According to CBS, the SEC Live package each week will also include “a pregame show, a halftime show, and an original 5th Quarter postgame featuring analysis from CBS Sports’ lead college football analyst Gary Danielson.” We here at MSR are big fans of the postgame show with Danielson, which is sometimes conducted in a motorhome with a Skype-like feel. Good stuff.

MLB streaming comes to Google Chromecast


You can now add Google Chromecast to the platforms that stream Major League Baseball broadcasts in the U.S. Subscribers of MLB.TV who own one of the Chromecast sticks that plug into the back of many modern televisions will be very happy.

MLB.TV enables fans to watch home and away games of out of market teams and once subscribed can use not only the Chromecast but also smartphones and tablets to watch games. Be sure to check what qualifies as an out of market team since some areas such as Las Vegas are claimed by multiple teams.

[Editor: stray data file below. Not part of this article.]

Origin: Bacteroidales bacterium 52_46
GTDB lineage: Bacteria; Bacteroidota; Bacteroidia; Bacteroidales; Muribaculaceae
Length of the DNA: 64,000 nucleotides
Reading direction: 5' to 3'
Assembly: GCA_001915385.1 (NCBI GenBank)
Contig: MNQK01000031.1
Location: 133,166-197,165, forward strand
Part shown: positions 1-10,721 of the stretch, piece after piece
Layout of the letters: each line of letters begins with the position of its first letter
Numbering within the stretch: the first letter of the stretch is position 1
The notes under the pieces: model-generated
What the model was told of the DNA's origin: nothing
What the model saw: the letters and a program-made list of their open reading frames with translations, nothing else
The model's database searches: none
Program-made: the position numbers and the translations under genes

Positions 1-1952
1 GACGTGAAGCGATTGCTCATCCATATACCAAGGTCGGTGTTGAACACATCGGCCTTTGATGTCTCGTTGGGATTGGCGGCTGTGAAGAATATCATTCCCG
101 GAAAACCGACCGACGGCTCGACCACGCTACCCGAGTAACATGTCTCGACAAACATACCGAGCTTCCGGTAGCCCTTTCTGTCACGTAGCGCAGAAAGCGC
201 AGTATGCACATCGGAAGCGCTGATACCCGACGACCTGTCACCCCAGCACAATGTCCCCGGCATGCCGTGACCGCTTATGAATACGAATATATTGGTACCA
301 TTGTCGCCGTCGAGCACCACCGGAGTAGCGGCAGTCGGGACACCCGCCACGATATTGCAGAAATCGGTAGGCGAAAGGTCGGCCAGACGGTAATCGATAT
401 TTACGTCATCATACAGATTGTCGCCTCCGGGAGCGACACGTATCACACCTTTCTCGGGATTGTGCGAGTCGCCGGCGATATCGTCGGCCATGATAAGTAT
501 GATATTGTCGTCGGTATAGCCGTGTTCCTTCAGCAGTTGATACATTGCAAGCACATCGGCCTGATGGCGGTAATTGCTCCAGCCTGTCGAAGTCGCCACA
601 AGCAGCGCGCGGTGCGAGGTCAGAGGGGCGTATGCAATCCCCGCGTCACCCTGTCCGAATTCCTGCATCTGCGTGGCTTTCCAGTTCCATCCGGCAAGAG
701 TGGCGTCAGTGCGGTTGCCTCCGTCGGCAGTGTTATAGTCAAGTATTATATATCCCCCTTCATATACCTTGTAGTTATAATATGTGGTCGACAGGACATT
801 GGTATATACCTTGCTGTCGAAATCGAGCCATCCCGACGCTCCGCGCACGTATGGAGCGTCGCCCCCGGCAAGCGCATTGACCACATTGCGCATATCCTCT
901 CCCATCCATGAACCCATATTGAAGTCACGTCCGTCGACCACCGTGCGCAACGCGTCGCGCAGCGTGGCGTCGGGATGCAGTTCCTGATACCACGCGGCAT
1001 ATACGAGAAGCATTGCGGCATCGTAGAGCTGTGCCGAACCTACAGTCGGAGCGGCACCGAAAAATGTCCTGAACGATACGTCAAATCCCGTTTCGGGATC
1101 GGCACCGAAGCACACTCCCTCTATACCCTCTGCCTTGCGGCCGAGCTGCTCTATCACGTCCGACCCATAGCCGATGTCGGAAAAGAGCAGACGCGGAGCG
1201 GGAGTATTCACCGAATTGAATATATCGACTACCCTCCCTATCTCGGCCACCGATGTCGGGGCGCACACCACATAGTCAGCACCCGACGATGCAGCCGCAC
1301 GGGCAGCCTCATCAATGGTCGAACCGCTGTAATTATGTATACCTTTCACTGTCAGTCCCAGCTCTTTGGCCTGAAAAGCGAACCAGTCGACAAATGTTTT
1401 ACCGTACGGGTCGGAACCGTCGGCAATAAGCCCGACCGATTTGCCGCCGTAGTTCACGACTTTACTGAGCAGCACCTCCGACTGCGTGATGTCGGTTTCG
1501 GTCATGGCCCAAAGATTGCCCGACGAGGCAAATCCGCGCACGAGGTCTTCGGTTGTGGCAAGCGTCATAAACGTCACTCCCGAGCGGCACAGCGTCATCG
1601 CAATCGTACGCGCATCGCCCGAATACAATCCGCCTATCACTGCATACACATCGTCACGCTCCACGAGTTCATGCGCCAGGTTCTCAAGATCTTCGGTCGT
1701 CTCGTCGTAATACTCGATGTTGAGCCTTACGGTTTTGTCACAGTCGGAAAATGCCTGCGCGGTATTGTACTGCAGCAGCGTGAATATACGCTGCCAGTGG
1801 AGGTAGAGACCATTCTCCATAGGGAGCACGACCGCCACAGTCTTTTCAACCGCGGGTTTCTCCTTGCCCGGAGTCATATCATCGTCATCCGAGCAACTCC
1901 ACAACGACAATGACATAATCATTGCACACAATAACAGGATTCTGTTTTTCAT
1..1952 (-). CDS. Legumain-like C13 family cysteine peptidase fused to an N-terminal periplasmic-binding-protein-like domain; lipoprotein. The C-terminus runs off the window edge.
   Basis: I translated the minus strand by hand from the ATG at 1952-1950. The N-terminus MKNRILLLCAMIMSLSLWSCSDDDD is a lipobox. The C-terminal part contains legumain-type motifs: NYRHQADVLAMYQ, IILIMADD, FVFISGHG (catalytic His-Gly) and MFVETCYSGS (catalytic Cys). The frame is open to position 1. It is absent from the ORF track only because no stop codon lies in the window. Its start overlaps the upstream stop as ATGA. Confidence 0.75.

English Premier League gains additional network partners for finals
The Premier League will now be available on additional channels as NBCUniversal has opened up its family of stations to the broadcast of the league’s finale that will consist of 10 matches held on May 11.

It now plans to simultaneously broadcast the games not only on NBC and NBCSN but also on Bravo, Syfy, Oxygen, USA, CNBC, MSNBC, Esquire Network and E!, channels better known for broadcasting anything but exciting soccer.

Rate the MLB announcers